- Calls to this hotline are currently being directed to Within Health or Timberline Knolls
- Representatives are standing by 24/7 to help answer your questions
- All calls are confidential and HIPAA compliant
- There is no obligation or cost to call
- Eating Disorder Hope does not receive any commissions or fees dependent upon which provider you select
- Additional treatment providers are located on our directory or samhsa.gov
Contributor: Lauren Kofod, MD, Timberline Knolls
Anorexia nervosa is a complicated and dangerous illness. As with so many diseases of both a physical and psychological nature, it is not the result of one factor, event or life experience; anorexia results from many contributing issues in a woman or girl’s life.
Since anorexia is an illness in which an individual starves herself, weight is certainly relevant. But, for a diagnosis of anorexia to be rendered, there must be more evidence than low weight.
The Criteria for Mental Illness
Criteria for any mental illness are established by the Diagnostic and Statistical Manual; the most recent version is the DSM5. Perhaps the most significant change in this latest publication is the deletion of amenorrhea (discontinuation of the menstrual cycle) as criteria.
Low weight does remain central to the diagnosis. The wording is “significantly low body weight in the context of age, sex, developmental trajectory, and physical health”.
Other Factors for Anorexia Diagnosis
The manual also outlines other factors related to diagnosis. These include:
- Intense fear of weight gain
- Interference with weight gain despite low weight
- Disturbance in the way in which weight and body are perceived
- Undue influence of weight regarding self-evaluation
- Minimization and denial of the seriousness of low-body weight
Body Mass Index (BMI) is a number calculated from a person’s weight and height. BMI provides a reliable indicator of body fatness for most people and is used to screen for weight categories that might lead to health problems.
In the case of anorexia, BMI is used in assessing severity of the problem. It is an important prognostic tool and is helpful in determining level of care.
BMI, Anorexia and Mortality
Not only is lower BMI associated with more serious complications, there is also a connection to a higher risk of death. In 2010, a small study highlighting higher mortality risk at lower BMI’s was conducted in Japan.(1)
In this study, researchers analyzed the connection between in-hospital mortality and body mass index at admission. Those with severe anorexia were hospitalized in order for the treatment team to manage the acute medical conditions related to the illness.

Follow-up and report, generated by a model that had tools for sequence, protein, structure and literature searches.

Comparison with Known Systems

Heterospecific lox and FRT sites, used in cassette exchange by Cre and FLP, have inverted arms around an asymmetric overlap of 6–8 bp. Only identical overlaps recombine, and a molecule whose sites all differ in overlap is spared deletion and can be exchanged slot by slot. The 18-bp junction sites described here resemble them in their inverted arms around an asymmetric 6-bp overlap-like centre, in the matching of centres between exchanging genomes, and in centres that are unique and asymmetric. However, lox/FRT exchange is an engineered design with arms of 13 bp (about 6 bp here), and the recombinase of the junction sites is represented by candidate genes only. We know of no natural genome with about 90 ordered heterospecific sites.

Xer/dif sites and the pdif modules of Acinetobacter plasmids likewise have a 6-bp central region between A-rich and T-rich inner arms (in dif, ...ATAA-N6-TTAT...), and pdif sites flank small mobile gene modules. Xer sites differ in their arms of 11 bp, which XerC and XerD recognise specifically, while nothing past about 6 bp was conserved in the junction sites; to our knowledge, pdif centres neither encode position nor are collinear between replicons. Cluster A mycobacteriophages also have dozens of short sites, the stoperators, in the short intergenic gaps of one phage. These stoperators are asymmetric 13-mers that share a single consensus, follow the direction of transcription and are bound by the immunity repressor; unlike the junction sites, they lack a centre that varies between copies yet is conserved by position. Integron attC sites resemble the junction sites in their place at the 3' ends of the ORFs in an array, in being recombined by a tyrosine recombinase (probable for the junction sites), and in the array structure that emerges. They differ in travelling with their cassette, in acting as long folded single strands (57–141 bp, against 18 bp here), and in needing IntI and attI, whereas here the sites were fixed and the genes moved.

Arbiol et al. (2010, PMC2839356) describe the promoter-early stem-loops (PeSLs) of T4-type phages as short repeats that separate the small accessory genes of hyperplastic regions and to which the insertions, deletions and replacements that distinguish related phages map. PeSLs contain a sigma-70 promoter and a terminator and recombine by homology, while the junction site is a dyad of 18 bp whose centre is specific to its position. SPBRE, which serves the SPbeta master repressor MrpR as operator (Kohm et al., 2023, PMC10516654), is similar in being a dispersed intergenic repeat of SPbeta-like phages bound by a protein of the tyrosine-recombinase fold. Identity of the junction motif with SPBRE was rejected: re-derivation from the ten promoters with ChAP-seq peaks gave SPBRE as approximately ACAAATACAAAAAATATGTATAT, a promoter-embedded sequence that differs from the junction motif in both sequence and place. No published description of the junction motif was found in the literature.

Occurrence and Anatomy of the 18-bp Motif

The Findings from the Study
Researchers used a nationwide hospital-based database. They identified 669 eligible patients with anorexia (BMI ≤ 16.5) from 229 hospitals between July and December of that year. Not surprisingly, more than 90 % of the patients were female.
Notably, 100 of these patients were admitted involuntarily. The average body mass index was 13.1, and the in-hospital mortality rate proved to be 0.7 %. Five of those who died had a BMI under 11. This indicates that patients with an extremely low BMI may be more likely to die, despite admission to a hospital.
The Rate of Suicide in Anorexia Sufferers
The major risk factor with anorexia is higher suicide rates. In fact, anorexia has the highest rate of successful suicide compared to other eating disorders. Interestingly, the rate of suicide attempts is the same or even lower than bulimia.
So how can this outcome be explained? The truth is that when women or girls with severe anorexia attempt suicide, instead of using the action as a possible cry for help or or a plea for attention, they genuinely want to die. Therefore, there may be fewer attempts, but far more deaths.
The suicide rate associated with anorexia is one of the highest of all psychiatric illnesses; if suicide is combined with all of anorexia’s potential medical complications, untreated anorexia nervosa has the highest mortality rate of any psychiatric disorder.
Don’t Ignore This Serious Disease
Whether anorexia develops in a young child, an adolescent, or a woman in her 30s or 50s, it is a serious disease, and as such, it needs to be treated. The earlier treatment begins, the better the chances for a full and complete recovery.
If you, or someone you know, is struggling with anorexia, please consult with a physician or therapist and get the help you need and deserve.
Community Discussion – Share your thoughts here!
What has been your experience with anorexia and taking the first step towards treatment and recovery? What advice would you share with someone that is just starting down this path?
The opinions and views of our guest contributors are shared to provide a broad perspective of eating disorders. These are not necessarily the views of Eating Disorder Hope, but an effort to offer discussion of various issues by different concerned individuals.
Last Updated & Reviewed By: Jacquelyn Ekern, MS, LPC on January 16th, 2015
Published on EatingDisorderHope.com
Articles on Anorexia
- Anorexia Death Rate – Highest Mortality Rate of Mental Disorder: Why?
- Malnourishment and the Brain – Anorexia and Neurobiology Research
- Refeeding Patients with Anorexia Nervosa: What Does Research Show?
- Dieting and Recovery from Anorexia Nervosa – Do They Mix?
- Meal Time Tips for Families Struggling With Anorexia.
- How Does Excessive Exercise Influence the Anorexic Patient: What research shows
- The Minnesota Starvation Study – Important Insights to Help Us Understand a Loved One Suffering From Anorexia?
- ANGI – Global Anorexia Genetic Study Led by UNC
- The Genetic Study of Anorexia
- College Life: How to Handle Anorexia Nervosa